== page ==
Review the following summary of Weber’s key sociological ideas.
Watch the following short videos about the sociology of Max Weber:
Social Differentiation and Social Stratification
- Status, as defined earlier, is a socially defined position in a group or society.
- Social differentiation is the process by which different statuses in any group,
organization, or society develop.
- Social stratification – the relatively fixed, hierarchical arrangement in society by
which groups have different access to resources, power, and perceived social
worth, is categorized into three types: estate, caste, and class systems.
- Most societies seem to have a system of social stratification, although they vary in the degree and complexity of stratification.
Estate, Caste, and Class
- In estate systems of stratification, the ownership of property and the exercise of power are monopolized by an elite who have total control over societal resources. Most common in agricultural societies..Have been largely supplanted by industrialization.
- In caste systems, one’s place in the stratification system is an ascribed status, assigned at birth. The hierarchy of classes is rigid and is often preserved through formal law and cultural practices that prevent free association and movement between classes. Examples include apartheid in South Africa until 1992, Jim Crow segregation in the American South, and the traditional caste system of India.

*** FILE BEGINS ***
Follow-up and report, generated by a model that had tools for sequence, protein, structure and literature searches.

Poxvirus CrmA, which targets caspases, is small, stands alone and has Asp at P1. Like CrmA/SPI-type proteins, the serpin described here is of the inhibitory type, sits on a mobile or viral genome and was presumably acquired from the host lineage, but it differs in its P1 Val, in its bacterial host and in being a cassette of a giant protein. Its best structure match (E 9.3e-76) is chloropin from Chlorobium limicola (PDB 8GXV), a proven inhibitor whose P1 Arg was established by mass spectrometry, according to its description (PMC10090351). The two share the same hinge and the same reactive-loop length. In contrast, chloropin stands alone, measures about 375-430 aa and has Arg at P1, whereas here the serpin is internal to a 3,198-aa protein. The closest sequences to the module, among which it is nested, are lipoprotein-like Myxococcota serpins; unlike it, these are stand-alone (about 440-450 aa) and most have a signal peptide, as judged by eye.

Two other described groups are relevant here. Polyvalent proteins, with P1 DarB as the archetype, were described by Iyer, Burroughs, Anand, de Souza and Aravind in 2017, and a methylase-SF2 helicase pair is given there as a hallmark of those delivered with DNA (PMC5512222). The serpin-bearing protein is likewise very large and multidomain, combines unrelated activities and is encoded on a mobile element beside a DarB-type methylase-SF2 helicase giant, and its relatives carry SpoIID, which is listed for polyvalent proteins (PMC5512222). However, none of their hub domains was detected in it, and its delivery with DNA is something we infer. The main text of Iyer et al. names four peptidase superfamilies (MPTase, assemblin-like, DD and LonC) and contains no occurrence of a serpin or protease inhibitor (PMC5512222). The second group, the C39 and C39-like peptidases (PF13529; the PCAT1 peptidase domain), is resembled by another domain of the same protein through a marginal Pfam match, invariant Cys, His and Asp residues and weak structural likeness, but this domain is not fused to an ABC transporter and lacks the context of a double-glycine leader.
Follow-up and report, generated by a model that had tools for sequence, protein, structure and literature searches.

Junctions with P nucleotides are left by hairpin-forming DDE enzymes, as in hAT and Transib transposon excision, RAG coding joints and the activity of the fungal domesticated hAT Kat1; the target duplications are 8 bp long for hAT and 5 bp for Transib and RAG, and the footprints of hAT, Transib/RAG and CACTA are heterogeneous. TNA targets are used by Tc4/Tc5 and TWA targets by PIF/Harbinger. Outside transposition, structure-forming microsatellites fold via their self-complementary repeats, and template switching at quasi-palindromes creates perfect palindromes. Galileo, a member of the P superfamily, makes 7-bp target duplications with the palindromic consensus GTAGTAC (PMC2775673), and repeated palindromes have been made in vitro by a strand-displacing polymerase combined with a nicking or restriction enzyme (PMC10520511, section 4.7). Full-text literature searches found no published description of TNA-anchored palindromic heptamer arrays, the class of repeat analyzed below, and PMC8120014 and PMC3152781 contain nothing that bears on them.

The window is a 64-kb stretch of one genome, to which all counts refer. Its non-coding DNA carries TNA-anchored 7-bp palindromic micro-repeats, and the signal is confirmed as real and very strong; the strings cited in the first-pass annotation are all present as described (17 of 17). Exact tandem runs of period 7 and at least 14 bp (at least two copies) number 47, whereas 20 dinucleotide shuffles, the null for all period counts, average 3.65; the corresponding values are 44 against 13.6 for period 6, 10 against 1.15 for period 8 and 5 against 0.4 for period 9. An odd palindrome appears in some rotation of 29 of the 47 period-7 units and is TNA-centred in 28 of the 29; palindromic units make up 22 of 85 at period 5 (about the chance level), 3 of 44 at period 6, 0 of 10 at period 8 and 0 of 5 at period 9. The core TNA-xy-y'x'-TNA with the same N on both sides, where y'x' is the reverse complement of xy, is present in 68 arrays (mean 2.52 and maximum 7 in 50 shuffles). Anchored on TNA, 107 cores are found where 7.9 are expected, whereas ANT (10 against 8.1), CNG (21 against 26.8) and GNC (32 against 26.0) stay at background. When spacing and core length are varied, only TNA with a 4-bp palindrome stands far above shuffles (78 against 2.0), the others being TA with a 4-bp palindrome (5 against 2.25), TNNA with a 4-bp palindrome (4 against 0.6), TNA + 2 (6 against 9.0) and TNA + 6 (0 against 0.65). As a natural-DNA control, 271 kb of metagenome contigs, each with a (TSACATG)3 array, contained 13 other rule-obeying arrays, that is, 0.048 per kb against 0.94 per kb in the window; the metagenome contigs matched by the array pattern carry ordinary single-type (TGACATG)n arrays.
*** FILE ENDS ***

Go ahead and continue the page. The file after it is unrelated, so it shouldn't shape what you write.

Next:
- In class systems, status is partially achieved, with some potential for movement from one class to another. In the U.S. class system, the class a person is born into has major consequences for that person’s life. Social class (or class) is the social structural position groups hold relative to the economic, social, political, and cultural resources of society. Class determines the access different people have to these resources and puts people in different positions of privilege and disadvantage. Members of the same class share a common way of life. Max Weber describes this as life chances.
- Max Weber described the consequences of stratification in terms of life
chances—opportunities that people have in common by virtue of belonging to a